Protecting People and Preventing Complications of Blood Disorders

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Protecting the health of people with blood disorders

CDC’s NCBDDD is dedicated to reducing the public health burden resulting from blood disorders by contributing to a better understanding of blood disorders and their complications.

Blood disorders affect millions of people each year in the United States, cutting across the boundaries of age, race, sex, and socioeconomic status. With proper actions, some blood disorders can be prevented. In the case of inherited blood disorders, early intervention can prevent serious complications. At CDC, we are dedicated to helping people with blood disorders by

  • Contributing to a better understanding of blood disorders and their complications;
  • Working to develop, implement, and evaluate prevention programs;
  • Helping consumers and healthcare providers get the information they need; and
  • Encouraging action on behalf of individuals living with, or affected by, blood disorders.

Accomplishments

  • Released new resources and potentially lifesaving information, through the CDC-funded Stop the Clot, Spread the WordTM campaignExternal, on the risks, signs, and symptoms of blood clots among women who are pregnant or recently gave birth. These educational resources empower women to talk with their healthcare providers about the factors that increase their risk for blood clots as well as determine if they might benefit from a plan to prevent blood clots. The previous components of the campaign, which provide general information about blood clots and their risks related to hospitalization, have already achieved more than 300 million media impressions.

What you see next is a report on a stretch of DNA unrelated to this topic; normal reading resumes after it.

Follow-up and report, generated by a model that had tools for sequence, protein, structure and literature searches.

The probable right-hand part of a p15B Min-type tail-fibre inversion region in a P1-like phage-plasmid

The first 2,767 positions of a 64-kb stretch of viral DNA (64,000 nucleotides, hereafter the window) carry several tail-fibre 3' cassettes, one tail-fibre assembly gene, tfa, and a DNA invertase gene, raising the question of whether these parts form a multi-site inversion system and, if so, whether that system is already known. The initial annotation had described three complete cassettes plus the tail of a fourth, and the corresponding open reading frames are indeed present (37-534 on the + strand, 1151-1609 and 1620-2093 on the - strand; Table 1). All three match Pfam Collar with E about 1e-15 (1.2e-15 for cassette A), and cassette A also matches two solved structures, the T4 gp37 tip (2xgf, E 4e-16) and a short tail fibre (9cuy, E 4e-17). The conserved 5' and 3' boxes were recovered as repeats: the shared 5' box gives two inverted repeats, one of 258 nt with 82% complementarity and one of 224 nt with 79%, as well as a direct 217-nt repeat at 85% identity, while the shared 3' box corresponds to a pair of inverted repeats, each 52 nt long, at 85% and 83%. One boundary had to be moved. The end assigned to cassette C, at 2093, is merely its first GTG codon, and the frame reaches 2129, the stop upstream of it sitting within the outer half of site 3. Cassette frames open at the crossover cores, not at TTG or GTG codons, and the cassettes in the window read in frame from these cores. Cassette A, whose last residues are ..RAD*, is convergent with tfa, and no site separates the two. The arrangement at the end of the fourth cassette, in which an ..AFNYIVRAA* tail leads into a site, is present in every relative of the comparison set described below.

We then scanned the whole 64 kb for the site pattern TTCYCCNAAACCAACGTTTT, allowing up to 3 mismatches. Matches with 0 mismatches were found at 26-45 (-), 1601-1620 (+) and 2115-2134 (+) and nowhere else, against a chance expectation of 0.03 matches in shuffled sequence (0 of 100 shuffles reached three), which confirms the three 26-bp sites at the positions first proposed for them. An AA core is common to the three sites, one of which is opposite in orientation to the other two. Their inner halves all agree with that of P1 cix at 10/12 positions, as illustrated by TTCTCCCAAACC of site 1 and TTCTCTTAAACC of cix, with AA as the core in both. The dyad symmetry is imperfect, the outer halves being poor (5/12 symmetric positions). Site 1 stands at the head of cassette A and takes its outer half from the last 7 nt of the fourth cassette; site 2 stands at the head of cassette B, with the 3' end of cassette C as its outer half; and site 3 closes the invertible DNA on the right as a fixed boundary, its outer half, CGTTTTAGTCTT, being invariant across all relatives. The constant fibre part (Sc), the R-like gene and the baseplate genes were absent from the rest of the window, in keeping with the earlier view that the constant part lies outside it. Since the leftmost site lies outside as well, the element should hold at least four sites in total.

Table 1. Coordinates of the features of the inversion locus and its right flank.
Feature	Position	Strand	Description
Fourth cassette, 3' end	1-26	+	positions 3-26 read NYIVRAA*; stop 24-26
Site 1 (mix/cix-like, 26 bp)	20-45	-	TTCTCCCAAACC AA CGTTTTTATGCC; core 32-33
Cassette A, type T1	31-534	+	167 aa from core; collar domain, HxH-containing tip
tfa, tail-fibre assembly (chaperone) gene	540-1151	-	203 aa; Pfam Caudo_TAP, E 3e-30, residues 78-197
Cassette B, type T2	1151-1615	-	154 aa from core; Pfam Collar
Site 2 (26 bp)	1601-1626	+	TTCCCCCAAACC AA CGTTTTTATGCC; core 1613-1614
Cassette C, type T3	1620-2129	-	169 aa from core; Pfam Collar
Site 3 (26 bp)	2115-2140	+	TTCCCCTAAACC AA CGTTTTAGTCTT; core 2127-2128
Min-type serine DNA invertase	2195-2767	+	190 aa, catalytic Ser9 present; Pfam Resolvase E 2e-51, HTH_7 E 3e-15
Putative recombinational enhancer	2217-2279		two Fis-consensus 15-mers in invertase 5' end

• Published key articles and reports using Community Counts data:
  • Conducted a CNE/CME-accredited webinar titled “Improving Outcomes for Females with Bleeding Disorders in Non-Hematology Healthcare Settings.”External This webinar, funded through a cooperative agreement between the National Hemophilia Foundation and the Division of Blood Disorders, is intended to
    • Help raise awareness among healthcare providers who are not blood disorders specialists about bleeding disorders in women and how best to care for these women;
    • Encourage provider collaboration with hemophilia treatment centers;
    • Influence clinical practice;
    • Reduce reproductive system-related diseases in women; and
    • Improve health outcomes.
Looking to the Future

NCBDDD’s important work will continue to include activities that increase understanding of blood disorders, advance medical care and treatments, and improve outcomes for all people with blood disorders by promoting health education, early detection, and medical referrals for this population. For thalassemia and sickle cell disease, NCBDDD invests in determining the number, health needs, and healthcare use of people living with these types of blood disorders. NCBDDD also works to understand more fully the complications resulting from blood transfusions. For those living with hemophilia, NCBDDD is researching how well treatment strategies are preventing disease-related complications, as well as learning the factors that place people with hemophilia at risk for inhibitors and other complications and studying and promoting the use of periodic inhibitor testing. NCBDDD also monitors complications arising from the use of blood products and new and existing treatment products; seeks to prevent blood clots; and works to improve laboratory techniques used to identify those at risk for clots.

 Notable Scientific Publications